Down the block and on the other side of the street from the school is an old, dusty junk shop.
It is the place where people might go if they were looking for unusual gifts, one of a kind things, and gag presents.
It is the kind of place where you could easily lose your bag by setting it down and confusing it with other bags.
Ms Basil knows that all too well, as she must keep a collection of misplaced bags behind the counter, always.
The good news is that people usually eventually remember that that was where they last saw their purses.
The bad news is that sometimes it took them a great deal of time to remember.
Ms Basil was straightening up one night after a particularly busy Saturday when she found an abandoned bag.
It was a large one, made of leather, and it was remarkably heavy for its size.
She had a very clear sign posted on the wall that she was definitely going to rummage through purses left behind.
She also solemnly swore not to knick anything; her rummaging was purely for finding the owners.
So, into the bag she went, looking for some means of contacting the proper possessor.
Sometimes she got lucky and a phone was unlocked, sometimes it was a billfold with a proper address.
This time, there were a lot of torn rags and towels, strips of heavy flannel, some bits of paper, and a huge brass orb.
Well, it wasn’t *exactly* an orb. It was kind of oblong, wobbly. Ms Basil took it out and realized it was egg-shaped.
She put the brass egg on the counter and dug through the rest of the purse, but there was no identity at all.
Mighty confounding, that, Ms Basil thought, for someone to have a purse that big and nothing of value in it.
Maybe it was a decoy purse for robbers to grab, but the real items of value were in a little clutch or wallet…
Isn’t that something that people did those days? If not, they certainly should have, Ms Basil thought.
Still, the shop was closed, and she didn’t open on Sundays, so Ms Basil put the rags and the brass egg back in the bag.
She stashed the purse under the counter with all of the rest of the missing items, and then she went upstairs to bed.
Some time in the night, Ms Basil awoke and thought she might’ve heard something moving about downstairs…
…but when she sat up to listen, she heard nothing unusual, so she rolled over and went back to sleep.
The next morning, she had her tea and toast, and she sat at her little kitchen table in her housecoat and read the news.
She loved finding out all the gossip about local folks; it gave her all kinds of things to talk about in the shop.
Ms Basil had just about finished up the first two pages and most of her eggs when she heard a soft crash downstairs.
She grabbed a long pipe that she kept by the upstairs door and quietly crept down the stairs.
The stairs came down to the storage room behind the wall that was behind the counter, with a doorway into the shop.
She peered around at the doorway into the shop and, finding no one immediately visible, turned on the light.
Someone – no, something was digging around in the cabinets under the counter.
Ms Basil sighed in relief. It was probably just a cat or dog or some other small animal that had found its way in.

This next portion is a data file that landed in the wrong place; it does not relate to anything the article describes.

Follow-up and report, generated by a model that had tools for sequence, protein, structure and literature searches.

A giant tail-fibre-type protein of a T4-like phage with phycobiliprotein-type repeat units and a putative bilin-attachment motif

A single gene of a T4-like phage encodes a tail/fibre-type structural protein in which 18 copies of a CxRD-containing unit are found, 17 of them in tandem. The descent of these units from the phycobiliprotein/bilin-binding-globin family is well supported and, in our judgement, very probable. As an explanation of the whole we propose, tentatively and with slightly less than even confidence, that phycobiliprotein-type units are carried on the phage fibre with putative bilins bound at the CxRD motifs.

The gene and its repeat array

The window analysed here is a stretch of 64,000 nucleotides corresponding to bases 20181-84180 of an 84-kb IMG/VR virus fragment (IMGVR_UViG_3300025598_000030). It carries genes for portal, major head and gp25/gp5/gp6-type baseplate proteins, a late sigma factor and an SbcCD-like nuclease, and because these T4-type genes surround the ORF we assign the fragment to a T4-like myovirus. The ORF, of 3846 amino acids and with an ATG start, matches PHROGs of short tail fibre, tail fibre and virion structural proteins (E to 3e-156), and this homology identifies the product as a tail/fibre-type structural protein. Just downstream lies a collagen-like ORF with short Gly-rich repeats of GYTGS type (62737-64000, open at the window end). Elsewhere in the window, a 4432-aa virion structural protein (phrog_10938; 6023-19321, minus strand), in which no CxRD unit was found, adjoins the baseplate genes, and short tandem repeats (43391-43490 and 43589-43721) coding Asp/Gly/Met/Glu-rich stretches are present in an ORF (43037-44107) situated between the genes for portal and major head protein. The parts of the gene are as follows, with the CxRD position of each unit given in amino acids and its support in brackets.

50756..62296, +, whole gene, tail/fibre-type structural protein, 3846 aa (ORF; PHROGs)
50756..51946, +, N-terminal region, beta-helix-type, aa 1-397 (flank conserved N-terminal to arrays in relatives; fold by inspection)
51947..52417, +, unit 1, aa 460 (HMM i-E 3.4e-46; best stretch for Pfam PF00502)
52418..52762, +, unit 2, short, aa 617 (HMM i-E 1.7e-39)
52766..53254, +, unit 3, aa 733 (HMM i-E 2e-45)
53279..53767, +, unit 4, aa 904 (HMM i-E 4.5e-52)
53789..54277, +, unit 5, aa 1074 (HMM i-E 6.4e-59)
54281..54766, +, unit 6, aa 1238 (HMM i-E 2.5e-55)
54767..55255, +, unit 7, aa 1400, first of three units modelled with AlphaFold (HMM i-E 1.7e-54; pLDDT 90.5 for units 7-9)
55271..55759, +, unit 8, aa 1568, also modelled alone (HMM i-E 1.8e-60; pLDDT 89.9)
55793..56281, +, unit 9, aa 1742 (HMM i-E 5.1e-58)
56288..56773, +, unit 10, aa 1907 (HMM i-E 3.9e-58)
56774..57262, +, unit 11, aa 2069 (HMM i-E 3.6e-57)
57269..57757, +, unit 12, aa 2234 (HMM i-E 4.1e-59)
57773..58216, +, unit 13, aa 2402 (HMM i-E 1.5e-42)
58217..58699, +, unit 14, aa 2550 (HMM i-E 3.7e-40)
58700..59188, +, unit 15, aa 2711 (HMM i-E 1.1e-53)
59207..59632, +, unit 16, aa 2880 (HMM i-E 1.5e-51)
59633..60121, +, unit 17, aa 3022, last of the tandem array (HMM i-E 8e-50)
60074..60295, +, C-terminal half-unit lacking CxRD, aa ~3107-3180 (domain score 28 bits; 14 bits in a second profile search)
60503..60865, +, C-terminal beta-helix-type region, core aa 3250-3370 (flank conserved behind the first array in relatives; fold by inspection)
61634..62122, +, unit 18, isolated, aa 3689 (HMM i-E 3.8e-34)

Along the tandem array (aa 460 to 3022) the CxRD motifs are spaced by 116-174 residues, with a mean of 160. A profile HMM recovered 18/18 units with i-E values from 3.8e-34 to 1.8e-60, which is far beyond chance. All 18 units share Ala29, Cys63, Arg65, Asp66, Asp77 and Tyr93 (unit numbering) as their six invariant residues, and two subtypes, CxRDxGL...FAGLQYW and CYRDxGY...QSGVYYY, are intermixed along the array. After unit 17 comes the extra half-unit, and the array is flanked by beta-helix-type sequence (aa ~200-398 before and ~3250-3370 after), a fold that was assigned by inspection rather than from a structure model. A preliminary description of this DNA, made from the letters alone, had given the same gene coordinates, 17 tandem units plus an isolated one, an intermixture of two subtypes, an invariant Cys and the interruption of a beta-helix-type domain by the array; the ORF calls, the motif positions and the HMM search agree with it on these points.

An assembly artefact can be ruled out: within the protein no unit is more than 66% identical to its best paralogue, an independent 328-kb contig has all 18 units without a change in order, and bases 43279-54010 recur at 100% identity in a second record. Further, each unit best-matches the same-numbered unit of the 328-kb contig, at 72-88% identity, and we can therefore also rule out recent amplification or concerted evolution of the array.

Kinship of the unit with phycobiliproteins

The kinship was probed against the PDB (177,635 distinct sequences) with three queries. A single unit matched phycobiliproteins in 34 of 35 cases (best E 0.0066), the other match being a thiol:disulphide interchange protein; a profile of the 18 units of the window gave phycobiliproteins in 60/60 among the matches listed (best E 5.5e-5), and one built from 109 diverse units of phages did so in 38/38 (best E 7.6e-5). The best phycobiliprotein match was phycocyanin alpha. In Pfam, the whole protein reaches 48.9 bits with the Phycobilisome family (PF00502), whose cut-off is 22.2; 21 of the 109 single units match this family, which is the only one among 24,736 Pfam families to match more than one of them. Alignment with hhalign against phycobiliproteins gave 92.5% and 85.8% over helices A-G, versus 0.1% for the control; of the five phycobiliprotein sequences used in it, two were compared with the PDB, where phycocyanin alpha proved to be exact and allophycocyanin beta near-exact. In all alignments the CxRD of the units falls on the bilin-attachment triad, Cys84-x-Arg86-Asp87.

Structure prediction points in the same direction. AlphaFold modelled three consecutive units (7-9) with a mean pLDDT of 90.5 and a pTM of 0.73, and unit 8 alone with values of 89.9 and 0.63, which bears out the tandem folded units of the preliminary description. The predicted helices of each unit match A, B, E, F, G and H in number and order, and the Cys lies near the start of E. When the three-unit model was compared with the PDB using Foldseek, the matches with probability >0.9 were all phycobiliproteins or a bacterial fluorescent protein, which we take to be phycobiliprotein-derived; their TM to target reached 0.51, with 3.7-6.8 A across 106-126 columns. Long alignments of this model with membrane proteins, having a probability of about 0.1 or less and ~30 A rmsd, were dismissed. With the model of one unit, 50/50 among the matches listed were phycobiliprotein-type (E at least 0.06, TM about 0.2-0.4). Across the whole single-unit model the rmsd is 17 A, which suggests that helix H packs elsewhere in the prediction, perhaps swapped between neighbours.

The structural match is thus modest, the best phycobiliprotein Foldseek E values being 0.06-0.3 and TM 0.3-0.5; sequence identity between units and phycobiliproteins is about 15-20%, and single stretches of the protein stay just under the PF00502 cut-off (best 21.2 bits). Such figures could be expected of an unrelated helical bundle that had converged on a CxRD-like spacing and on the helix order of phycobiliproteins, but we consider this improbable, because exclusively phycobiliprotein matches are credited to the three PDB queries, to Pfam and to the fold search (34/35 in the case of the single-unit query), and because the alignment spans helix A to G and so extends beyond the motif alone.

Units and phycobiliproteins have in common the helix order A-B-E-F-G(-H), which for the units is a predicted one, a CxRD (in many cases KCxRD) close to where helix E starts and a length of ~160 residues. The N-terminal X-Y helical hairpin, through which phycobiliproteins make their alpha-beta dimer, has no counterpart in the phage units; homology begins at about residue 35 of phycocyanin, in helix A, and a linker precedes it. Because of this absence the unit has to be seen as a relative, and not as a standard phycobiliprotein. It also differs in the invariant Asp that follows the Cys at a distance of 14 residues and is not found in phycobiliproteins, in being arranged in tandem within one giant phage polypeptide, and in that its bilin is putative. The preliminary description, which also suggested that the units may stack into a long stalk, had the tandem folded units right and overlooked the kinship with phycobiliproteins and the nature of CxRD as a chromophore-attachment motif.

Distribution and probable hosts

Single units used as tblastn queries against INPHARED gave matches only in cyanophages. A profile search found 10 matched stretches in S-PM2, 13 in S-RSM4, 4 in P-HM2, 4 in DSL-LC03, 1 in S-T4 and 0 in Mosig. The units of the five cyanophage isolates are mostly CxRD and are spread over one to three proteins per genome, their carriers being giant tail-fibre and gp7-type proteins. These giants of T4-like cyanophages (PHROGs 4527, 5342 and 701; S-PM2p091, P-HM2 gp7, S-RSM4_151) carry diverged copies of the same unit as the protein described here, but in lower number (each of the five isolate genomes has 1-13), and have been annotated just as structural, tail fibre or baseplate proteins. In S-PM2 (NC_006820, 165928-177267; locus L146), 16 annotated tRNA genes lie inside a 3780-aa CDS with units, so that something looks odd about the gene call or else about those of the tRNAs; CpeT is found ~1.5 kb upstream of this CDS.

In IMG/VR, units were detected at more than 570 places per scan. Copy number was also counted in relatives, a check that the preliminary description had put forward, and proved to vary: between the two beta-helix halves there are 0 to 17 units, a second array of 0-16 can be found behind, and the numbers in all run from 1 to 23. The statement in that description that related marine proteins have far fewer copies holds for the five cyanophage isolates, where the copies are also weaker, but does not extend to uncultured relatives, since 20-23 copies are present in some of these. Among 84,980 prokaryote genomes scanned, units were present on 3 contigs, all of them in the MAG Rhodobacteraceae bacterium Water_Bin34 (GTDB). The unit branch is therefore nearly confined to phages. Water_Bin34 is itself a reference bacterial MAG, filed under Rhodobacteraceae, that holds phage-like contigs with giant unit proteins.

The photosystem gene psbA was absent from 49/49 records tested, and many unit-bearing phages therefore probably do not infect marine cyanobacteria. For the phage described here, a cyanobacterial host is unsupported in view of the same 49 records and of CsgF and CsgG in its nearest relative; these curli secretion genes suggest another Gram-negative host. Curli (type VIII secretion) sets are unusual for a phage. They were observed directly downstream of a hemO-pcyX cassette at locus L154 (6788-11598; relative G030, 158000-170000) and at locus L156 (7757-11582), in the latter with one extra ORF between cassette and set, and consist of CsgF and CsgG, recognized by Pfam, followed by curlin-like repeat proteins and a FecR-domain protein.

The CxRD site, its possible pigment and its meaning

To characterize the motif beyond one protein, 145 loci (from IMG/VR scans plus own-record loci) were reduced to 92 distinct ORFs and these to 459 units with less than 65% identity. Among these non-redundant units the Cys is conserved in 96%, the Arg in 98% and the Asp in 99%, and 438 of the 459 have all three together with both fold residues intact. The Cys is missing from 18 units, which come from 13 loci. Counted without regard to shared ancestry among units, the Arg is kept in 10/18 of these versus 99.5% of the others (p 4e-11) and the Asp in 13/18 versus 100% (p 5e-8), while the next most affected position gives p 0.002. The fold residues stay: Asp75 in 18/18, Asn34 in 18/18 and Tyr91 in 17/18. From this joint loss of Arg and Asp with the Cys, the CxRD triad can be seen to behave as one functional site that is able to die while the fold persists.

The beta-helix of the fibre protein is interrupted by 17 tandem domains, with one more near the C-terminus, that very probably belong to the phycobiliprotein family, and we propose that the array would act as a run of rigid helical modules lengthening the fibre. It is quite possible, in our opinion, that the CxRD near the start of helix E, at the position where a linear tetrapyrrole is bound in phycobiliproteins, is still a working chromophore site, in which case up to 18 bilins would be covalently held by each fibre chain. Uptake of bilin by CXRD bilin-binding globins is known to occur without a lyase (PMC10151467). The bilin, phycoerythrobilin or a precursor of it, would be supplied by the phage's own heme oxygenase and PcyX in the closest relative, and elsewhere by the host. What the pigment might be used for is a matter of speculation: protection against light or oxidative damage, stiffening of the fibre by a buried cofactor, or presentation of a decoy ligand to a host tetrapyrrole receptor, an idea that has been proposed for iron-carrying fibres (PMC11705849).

The crash from last night was the jewelry case on the counter, probably knocked over when the animal tried to get out.
It was scratching and making a small mewing sound. Definitely a cat, then!
Ms Basil opened the cabinet door – it was coming from the one with the lost purses – and out tumbled a…
To be fair, she wasn’t entirely sure what it was. It definitely almost sort of looked like a cat… kitten… uh, *cub*…
It was certainly larger than any kittens she’d seen of late, and there was something wrong with its tail.
Kittens usually had hair on their tails, didn’t they? This one probably had mange or something, it was all scaly and green.
And worse than that, it had a strange growth on the end that looked for all the world like a …
The tail turned around and looked at her. Yup, it was definitely a snake.
Ms Basil was not prone to fits or faints like other girls. She’d been on her own most of her life, she was tough.
She gave the snake a stern eye and looked for how it had wrapped itself onto the little cub. It really looked like a tail.
The little cub looked towards her, and she realized that the poor thing must’ve just been born, its eyes were still closed.
It gave a little mew, and then a… bleat?
Ms Basil slowly reached down and gently picked the animal up; behind the cub’s head was a smaller one, like a lamb.
It’s furry little paws and scaly back claws clumsily fought against the sudden upset of not being on the ground.
Ms Basil freely admitted to being a softy when it came to baby animals, no matter how… unusual; she cooed at the thing.
“Now, now,” she said to it, rocking it close, “how about we go upstairs and find you some milk, eh?”
The snake hissed and Ms Basil tutted at it. “You’re just a green garden snake, little thing. Are you hungry or not?”
As though it understood her (really, what creature doesn’t understand kindness?), it lowered its head a bit.
Ms Basil looked back in the cabinet to try to see how it had gotten in, and there was the purse from Saturday.
The brass egg had been shattered, and there was clear fluid all over the shredded fabric. “Well, that explains it…”
She grabbed a clean towel from under the counter (she didn’t like disposable ones) and wrapped the baby thing up.
She carried it back up the stairs, cooing at it all the way, wondering if she still had a proper litter box somewhere.
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